India was a direct colony of the British and the impact of this colonial rule over the economy, society and polity of India has been quite deep. Many serious consequences of the British Colonial Rule are still persisting and this makes the study of colonial phase of India very relevant for understanding many contemporary aspects of the Indian society. It must be stated at the outset that direct colonial rule leaves total impact on the colonized society because every aspect of social life is influenced by colonial
Policies of the colonisers. A direct colony as was the case with India is under the complete control of the colonizers and colonial policies and interests penetrate every aspect of social life of a colony. Another important fact about India is that the colonial rule lasted for a very long time and this longevity of the colonial rule over India affected the vitals of the Indian society. The long period of British rule over India provided enough time to the British to establish strong and stable institutions for the governance of India. The journey of British occupation of India was slow and steady and it passed through various stages. This evolutionary processes provided the British an opportunity to evolve their policies and change their policies on the basis of experience gained through practice. But before we go into that, we should have look at the nature of Indian economy prior to British rule.
Aspects of colonial rule
Two aspects of the gradual expansion of British occupation of India deserve attention. The experiences gained by the British in one region of India were either extended or modified in other regions and this learning through practice made them quite powerful in dealing with the problems of a large colony like India. The changes in British society demanded different approach to satisfy the interests of emerging social groups in Britain. The essence of British colonial policies in India was determined by the dynamics of society which witnessed many changes in Britain. The modern British society progressed through stages like mercantile capitalism to industrial capitalism and from competitive industrial capitalism to monopoly industrial capitalism. The interests of mercantile British capitalism lay in trade with India. The interests of industrial capitalism were, on the other hand, market oriented, in which the Indian colony was to provide raw material and buy manufactured goods from Britain. Thus social and economic changes in Britain directly influenced British colonial policies in India.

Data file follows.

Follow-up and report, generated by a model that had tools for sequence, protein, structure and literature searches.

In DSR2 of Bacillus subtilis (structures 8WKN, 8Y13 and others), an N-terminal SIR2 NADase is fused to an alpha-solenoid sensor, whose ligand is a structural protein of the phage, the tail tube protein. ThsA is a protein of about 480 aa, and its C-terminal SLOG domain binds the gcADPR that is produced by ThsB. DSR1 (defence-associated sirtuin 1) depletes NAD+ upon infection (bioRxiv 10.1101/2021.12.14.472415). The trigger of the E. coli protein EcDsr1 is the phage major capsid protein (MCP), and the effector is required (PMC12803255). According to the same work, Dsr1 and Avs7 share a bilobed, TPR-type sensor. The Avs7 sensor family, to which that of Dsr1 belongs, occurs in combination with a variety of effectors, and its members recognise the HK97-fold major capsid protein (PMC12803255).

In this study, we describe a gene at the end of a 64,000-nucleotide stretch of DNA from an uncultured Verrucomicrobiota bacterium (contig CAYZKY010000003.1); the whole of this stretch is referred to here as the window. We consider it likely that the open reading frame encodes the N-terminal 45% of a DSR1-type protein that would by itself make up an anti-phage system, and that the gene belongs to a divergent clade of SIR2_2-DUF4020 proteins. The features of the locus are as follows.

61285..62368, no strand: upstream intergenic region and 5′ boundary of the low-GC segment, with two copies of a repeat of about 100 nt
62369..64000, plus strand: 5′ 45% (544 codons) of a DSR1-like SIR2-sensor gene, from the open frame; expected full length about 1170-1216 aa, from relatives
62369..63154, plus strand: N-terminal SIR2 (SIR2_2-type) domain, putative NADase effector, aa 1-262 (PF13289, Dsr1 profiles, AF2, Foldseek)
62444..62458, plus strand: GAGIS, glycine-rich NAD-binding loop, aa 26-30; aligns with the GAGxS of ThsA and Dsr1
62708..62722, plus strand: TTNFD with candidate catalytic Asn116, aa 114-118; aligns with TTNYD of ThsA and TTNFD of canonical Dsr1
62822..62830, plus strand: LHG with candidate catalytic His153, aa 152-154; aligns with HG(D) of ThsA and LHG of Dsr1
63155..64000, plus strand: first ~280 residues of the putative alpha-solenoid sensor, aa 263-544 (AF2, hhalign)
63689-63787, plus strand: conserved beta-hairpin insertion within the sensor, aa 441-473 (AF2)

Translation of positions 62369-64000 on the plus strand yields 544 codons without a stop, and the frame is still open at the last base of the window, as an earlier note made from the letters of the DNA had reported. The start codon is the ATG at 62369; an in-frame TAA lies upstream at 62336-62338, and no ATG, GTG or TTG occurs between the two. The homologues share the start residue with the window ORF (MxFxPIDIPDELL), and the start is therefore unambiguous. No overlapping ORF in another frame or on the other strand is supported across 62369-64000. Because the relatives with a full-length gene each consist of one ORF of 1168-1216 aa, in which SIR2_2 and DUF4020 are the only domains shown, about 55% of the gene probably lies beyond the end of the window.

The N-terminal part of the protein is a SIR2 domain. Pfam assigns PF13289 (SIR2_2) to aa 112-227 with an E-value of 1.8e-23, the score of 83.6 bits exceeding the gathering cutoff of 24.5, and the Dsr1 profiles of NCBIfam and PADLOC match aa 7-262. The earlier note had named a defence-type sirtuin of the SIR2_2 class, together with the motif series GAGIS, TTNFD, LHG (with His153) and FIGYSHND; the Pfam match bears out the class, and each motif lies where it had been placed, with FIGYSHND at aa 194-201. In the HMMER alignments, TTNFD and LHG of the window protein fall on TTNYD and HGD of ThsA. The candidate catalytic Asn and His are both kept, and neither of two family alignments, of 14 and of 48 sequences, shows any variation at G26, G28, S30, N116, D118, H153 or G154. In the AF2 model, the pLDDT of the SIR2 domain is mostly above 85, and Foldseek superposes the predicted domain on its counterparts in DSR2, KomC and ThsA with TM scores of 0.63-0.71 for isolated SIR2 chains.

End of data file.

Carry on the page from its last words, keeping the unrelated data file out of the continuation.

A princely state, also called native state legally, under the British or Indian state for those states on the subcontinent was a nominally sovereign monarchy under a local or regional ruler in a subsidiary alliance with a greater power. The British ruled India with two administrative systems: British Provinces and Indian “princely” states; about 60% of the territory of the Indian sub-continent was provinces and 40% were princely states. Though the history of the princely states of the subcontinent dates from at least the classical period of Indian history, the predominant usage of the term princely state specifically refers to a semi-sovereign principality on the Indian subcontinent during the British Raj that was not directly governed by the British, but rather by a local ruler under a form of indirect rule. In principle, the princely states had internal autonomy, while by treaty the British Crown had suzerainty and was responsible for the states’ external affairs. In practice, while the states were indeed ruled by potentates with a variety of titles, such as Chhatrapati, Maharaja, Raja, Raja, Deshmukh, Nawab, Baig, Khan, Nizam,Mirza or specially Jam for Jadeja Samma The princely States recognised the paramount of the British Crown. The functions of paramount were exercised through the Crown Representative, who was also the Governor General of India and whose functions relating to the relations of the British Crown with the Rulers of all princely states remained distinct. A separate machinery as well as procedure was evolved for the exercise of these functions. From 1920, the states were represented in the Chamber of Princes, which held its meetings in New Delhi. The most important states were ranked among the salute states. Before the Partition of India in 1947, multiple Rajput and non-Rajput Princely States existed in India which were not part of British India. These were the parts of the Indian subcontinent which had not been conquered or annexed by the British but were subject to subsidiary alliances.